Skip to main content
Toggle Menu of ADA WebSites
ADA Websites
Partnerships and Commissions
Toggle Search Area
Toggle Menu
e-mail Print Share

Forensic dental data supplement paves way for interoperability between dental offices, municipalities

December 20, 2013

Washington—As do fingerprints and DNA, dental data will now have a communication protocol as the basis for interaction and interoperability among the various forensic dental repositories and systems deployed internationally.

The Information Technology Laboratory enabled the communication protocol by way of the addition of a dental data supplement to the Data Format for the Interchange of Fingerprint, Facial & Other Biometric Information. ITL is part of the National Institute of Standards and Technology.

The ADA Standards Committee on Dental Informatics worked with the American National Standards Institute/NIST-ITL Dental Working Group to produce the forensic dental data supplement, which is based on the ANSI/ADA Standard 1058 - Forensic Dental Data Set. The dental supplement also covers other items useful in forensic work, such as patterned injury imagery (bite marks, etc.), cheiloscopy (lip prints) and computed tomography and cone-beam scans.

The forensic dental data supplement standardizes the transmission methodology of familial dental data, dental history data, tooth data, mouth data, radiological data, visual images and other dental biometric information. These records are critical to missing-persons investigations, disaster recovery identification efforts for transportation accidents, terrorist attacks and other incidents where dental records are used in the identification process.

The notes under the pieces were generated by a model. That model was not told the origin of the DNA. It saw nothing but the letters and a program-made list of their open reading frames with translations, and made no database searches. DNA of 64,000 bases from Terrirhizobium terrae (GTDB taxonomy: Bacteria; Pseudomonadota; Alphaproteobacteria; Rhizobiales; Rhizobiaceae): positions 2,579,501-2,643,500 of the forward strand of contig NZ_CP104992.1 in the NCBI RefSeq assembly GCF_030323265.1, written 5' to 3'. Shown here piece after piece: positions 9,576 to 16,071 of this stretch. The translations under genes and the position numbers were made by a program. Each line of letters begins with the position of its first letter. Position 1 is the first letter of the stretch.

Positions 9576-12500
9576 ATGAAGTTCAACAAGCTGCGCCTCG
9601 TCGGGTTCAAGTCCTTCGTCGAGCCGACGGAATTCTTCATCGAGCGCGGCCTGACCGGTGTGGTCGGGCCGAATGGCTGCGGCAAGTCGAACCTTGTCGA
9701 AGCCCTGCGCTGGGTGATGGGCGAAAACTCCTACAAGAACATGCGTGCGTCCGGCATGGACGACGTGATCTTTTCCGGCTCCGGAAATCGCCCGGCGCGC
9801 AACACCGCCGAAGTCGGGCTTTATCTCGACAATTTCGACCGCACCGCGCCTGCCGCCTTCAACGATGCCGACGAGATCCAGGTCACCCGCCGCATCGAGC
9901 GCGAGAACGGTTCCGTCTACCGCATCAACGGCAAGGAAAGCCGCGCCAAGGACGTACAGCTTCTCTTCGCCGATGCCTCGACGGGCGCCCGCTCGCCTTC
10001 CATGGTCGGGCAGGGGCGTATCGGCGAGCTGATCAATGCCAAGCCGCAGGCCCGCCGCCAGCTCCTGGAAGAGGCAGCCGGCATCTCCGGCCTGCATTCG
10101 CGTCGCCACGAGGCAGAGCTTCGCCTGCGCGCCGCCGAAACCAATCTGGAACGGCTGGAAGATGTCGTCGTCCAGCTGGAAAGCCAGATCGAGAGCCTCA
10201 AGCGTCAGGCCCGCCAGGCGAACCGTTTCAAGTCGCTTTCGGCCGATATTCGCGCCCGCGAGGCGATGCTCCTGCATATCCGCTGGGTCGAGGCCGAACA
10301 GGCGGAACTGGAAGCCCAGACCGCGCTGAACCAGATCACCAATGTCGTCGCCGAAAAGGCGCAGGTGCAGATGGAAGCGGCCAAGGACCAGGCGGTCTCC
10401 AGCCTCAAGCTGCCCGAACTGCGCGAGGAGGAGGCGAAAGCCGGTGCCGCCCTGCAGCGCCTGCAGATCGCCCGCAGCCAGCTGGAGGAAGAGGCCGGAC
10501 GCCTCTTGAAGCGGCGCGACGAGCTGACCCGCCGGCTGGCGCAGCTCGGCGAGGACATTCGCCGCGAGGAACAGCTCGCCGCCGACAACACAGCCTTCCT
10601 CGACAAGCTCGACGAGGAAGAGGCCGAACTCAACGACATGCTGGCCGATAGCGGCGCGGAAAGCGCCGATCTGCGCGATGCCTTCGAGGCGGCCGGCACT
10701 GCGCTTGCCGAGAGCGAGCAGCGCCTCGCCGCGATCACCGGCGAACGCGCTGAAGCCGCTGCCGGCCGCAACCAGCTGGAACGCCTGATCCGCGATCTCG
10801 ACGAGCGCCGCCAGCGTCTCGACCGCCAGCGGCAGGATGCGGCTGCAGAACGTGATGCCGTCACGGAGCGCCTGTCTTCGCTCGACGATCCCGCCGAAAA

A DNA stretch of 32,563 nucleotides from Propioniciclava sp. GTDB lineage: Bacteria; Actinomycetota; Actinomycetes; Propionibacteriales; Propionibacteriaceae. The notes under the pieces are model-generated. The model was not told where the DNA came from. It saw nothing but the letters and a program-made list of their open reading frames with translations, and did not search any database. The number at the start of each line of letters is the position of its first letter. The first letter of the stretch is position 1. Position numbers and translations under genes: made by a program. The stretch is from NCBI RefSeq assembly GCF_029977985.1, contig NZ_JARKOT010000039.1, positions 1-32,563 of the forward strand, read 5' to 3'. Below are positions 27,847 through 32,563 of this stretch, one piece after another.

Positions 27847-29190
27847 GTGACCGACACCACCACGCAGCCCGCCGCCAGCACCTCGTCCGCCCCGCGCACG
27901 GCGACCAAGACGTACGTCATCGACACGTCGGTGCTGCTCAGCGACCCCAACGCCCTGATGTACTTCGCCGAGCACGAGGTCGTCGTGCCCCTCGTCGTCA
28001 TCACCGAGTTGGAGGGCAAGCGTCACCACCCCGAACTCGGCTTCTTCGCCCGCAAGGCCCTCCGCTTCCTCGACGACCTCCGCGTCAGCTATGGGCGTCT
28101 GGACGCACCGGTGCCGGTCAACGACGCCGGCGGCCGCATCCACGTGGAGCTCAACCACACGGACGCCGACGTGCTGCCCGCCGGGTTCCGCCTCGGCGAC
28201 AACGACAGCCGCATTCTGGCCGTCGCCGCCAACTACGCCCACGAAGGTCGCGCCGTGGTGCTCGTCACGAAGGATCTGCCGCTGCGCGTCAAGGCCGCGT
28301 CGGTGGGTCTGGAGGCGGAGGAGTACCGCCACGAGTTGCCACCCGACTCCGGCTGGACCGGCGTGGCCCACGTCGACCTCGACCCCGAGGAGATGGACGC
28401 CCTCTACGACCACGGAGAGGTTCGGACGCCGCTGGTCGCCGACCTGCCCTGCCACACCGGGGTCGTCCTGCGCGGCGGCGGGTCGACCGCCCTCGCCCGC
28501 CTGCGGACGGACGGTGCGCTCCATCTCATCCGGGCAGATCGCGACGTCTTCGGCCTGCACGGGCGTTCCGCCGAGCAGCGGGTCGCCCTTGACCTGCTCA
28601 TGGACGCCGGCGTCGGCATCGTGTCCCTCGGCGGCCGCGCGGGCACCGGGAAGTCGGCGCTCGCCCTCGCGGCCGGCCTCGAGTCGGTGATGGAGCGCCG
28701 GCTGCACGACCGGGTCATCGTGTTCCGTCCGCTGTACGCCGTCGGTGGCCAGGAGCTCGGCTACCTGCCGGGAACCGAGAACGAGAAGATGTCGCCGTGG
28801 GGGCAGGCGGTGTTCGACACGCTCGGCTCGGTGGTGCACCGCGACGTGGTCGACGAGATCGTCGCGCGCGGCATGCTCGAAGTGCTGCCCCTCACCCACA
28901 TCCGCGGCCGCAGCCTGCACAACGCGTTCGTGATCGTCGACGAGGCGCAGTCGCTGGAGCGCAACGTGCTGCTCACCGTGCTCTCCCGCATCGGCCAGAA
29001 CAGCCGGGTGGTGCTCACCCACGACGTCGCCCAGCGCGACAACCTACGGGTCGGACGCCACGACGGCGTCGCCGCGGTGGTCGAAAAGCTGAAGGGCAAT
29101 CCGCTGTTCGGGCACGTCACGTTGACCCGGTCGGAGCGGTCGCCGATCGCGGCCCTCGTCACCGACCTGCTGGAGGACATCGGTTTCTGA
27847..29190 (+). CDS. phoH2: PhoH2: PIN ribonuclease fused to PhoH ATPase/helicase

According to NIST, once implemented, the standard will allow organizations to not only exchange data between municipalities but also to gather data directly from dental offices, even though each system uses unique encodings that are not mutually compatible. Organizations that will use the standard and their systems include, for example, the FBI National Crime Information Center Dental Image Repository, the Department of Justice National Missing and Unidentified Persons System, INTERPOL FastID Disaster Victim Identification System, and the New York City Medical Examiner's Office, and other municipalities.

For more information about the standard and the standards development process and for a copy of the standard itself, please visit the website or contact Bradford Wing at 301.975.5663.